Tags: Immigration | immigration | inland | Michigan

Immigration Crisis Moves to Small Michigan Town

Wednesday, 09 Jul 2014 06:28 PM

By Izzy Lyman, watchdog.org

The current crisis on the southern border, involving tens of thousands of unaccompanied minors from El Salvador, Honduras, and Guatemala, has now become a concern for Michiganders who live in a rural community with less than 3,000 people.

Wolverine Human Services, a social services agency which typically helps needy Michigan children, is in the process of securing a contract and negotiating with the Office of Refugee Resettlement to bring between 60- 120 male illegal immigrants, between the ages of 12-17, to the small city of Vassar without any input from residents of the community.

About 100 concerned citizens, some bearing signs, gathered outside the Vassar City Hall last night to let public officials know what they think.

Watchdog Wire contributor Tamyra Murray has been at the front lines of this debate. She was interviewed by an ABC news affiliate expressing her concern about illegal immigration overloading "the system" and the lack of funds to care for veterans.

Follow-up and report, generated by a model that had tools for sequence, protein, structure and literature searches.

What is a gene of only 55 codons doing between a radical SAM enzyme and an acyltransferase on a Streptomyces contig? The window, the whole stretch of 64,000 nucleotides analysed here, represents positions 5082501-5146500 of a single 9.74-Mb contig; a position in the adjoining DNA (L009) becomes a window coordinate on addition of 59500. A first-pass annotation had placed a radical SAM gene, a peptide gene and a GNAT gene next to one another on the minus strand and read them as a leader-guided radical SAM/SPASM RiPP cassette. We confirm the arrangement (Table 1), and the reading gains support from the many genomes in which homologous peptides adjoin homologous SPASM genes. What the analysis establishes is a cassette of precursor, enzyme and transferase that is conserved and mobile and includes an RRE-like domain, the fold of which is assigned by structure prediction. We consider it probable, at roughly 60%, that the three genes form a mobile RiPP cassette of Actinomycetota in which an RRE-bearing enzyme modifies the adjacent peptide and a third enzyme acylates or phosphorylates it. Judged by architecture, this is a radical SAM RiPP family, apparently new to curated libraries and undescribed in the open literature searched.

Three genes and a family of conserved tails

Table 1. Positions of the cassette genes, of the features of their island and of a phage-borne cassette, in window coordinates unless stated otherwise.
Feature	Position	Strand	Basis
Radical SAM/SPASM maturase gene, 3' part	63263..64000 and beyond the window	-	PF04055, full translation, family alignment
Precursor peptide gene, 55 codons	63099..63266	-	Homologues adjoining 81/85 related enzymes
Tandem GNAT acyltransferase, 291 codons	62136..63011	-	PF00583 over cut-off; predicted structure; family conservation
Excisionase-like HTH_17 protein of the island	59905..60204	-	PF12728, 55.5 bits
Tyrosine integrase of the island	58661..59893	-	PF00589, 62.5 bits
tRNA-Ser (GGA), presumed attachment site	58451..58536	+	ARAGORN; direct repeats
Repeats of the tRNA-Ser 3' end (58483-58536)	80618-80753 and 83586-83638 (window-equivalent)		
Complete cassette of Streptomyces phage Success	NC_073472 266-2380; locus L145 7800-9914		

Concerned citizens are planning to keep the conversation going by staging an informational meeting about the issue tomorrow night.

Republican U.S. Rep. Candice Miller, issued a statement about the situation:

"The ongoing humanitarian crisis at our southern border is quickly spreading across our nation as the Administration begins transferring these illegal immigrants across our nation, including potentially here to Michigan.

"This crisis began when President Obama acted outside the law offering legal status to children who entered America illegally along with their parents. This caused many throughout Central America and Mexico to believe that all children needed to do was reach our border and they could stay, and so countless thousands began to send their children on the harrowing journey north."

She added, "In addition, it is imperative that the people being apprehended at the border not be released from custody because if they are, it is very unlikely they will ever return for immigration hearings on their status, and they will disappear into society."

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